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Boys of the Barbary Coast

Reimagining an era when men dressed like they meant it.

SLIDESHOW

The artist Nick Aitken asked several friends to pose as models for his photo project, Paper Dolls.

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The polka-dot necktie on the monocled businessman, a sailor’s collar stays, the embroidered paisley lining of a bishop’s robe. San Francisco may have been a rough-and-tumble town during the gold rush, but guys dressed sharp. Or at least they did in the imagination of San Francisco artist Nick Aitken, whose latest project, Paper Dolls, is a portfolio of 55 portraits of contemporary subjects dressed to the nines in 19th-century-and-earlier garb.

The photos, which will be exhibited at the Academy in the Castro on September 28, adorn a series of playing cards depicting gay men—plus two female wild cards—re-creating the fashion and flair of San Francisco’s past. Aitken, who studied fashion photography at the Academy of Art University, designed, lit, dressed, shot, and edited the images himself. Aitken says the outlandish costumes give the men a flamboyance that’s been stigmatized in this era of jeans and hoodies. “Back then, that stuff wasn’t looked at as gay or feminine,” he says.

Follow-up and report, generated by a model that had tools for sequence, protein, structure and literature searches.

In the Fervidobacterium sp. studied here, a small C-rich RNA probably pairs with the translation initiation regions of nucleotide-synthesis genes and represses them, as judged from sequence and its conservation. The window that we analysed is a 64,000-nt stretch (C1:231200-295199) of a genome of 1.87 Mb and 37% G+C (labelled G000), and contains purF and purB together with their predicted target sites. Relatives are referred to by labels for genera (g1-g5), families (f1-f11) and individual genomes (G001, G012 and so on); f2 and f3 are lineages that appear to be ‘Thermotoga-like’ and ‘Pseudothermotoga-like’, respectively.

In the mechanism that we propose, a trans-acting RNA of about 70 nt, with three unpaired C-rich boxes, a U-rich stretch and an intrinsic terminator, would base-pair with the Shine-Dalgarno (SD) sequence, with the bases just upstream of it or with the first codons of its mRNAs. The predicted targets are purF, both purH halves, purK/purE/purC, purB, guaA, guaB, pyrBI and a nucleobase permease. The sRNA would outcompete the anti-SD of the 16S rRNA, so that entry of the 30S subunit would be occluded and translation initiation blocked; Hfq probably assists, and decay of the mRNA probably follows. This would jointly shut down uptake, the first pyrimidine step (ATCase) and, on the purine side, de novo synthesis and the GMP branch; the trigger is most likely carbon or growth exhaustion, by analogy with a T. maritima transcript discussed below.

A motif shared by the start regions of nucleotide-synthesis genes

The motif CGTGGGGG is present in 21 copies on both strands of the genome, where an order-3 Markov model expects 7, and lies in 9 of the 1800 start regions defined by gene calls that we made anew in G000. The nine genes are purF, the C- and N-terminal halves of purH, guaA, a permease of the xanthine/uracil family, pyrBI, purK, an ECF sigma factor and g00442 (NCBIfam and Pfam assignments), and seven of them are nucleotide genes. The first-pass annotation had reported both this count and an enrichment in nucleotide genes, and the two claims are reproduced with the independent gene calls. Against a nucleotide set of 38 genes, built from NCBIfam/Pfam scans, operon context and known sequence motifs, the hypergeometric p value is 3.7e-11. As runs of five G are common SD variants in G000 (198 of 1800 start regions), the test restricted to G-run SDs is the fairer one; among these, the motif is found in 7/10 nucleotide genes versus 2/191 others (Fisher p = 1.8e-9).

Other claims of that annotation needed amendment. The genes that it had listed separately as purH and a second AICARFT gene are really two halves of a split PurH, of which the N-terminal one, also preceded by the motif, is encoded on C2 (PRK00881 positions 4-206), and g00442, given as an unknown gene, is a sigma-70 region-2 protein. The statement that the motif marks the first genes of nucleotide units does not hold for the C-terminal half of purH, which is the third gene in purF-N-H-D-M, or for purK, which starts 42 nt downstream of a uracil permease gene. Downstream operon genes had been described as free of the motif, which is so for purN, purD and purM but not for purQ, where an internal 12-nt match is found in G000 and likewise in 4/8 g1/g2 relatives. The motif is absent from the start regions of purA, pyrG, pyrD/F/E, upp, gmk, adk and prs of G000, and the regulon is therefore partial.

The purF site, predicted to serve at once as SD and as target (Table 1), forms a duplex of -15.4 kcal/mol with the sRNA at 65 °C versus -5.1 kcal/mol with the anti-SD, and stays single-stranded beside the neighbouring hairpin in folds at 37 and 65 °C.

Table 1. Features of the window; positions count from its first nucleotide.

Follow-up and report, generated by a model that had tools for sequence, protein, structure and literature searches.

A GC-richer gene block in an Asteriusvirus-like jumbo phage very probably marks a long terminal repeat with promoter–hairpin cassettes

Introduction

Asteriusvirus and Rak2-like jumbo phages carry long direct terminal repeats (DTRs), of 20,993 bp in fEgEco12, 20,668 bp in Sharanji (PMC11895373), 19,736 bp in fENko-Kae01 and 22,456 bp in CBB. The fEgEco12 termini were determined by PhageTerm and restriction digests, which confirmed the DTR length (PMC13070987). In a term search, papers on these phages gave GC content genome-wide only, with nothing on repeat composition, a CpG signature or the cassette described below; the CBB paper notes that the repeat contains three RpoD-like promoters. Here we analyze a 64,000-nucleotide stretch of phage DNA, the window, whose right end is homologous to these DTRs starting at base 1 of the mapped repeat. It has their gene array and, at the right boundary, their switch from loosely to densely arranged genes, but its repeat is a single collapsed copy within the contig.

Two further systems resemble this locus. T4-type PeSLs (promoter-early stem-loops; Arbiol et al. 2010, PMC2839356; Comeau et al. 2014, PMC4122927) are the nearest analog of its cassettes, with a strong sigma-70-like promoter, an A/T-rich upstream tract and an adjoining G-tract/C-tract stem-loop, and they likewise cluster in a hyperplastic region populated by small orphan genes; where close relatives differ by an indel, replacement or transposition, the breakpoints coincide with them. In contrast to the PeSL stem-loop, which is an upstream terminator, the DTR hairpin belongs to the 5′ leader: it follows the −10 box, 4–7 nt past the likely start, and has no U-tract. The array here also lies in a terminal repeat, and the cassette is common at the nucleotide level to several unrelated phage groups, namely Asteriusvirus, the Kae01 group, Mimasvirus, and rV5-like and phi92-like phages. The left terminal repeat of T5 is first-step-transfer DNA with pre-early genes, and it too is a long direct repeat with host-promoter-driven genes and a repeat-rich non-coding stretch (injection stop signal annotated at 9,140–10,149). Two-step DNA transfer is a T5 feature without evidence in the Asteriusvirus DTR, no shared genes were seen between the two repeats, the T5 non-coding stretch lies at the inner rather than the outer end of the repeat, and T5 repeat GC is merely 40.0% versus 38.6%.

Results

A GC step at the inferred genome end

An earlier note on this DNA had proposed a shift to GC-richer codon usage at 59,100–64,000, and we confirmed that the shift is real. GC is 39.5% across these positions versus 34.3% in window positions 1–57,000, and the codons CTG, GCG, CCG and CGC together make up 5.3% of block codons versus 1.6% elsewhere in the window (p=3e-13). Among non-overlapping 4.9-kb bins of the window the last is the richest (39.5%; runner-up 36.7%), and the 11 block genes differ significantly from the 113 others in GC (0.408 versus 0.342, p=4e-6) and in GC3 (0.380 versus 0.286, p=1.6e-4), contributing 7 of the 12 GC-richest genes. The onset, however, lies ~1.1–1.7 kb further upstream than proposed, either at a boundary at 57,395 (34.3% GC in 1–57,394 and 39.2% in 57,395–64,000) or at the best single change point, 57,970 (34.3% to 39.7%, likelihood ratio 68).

The photo subjects include current mayoral candidate Mark Leno (dressed as a particularly floral western sheriff ), drag queen Peaches Christ, and others from Aitken’s life—including his primary care physician. Following the exhibition, the cards will be on sale at the Academy and nickaitken.net

 

Originally published in the September issue of San Francisco

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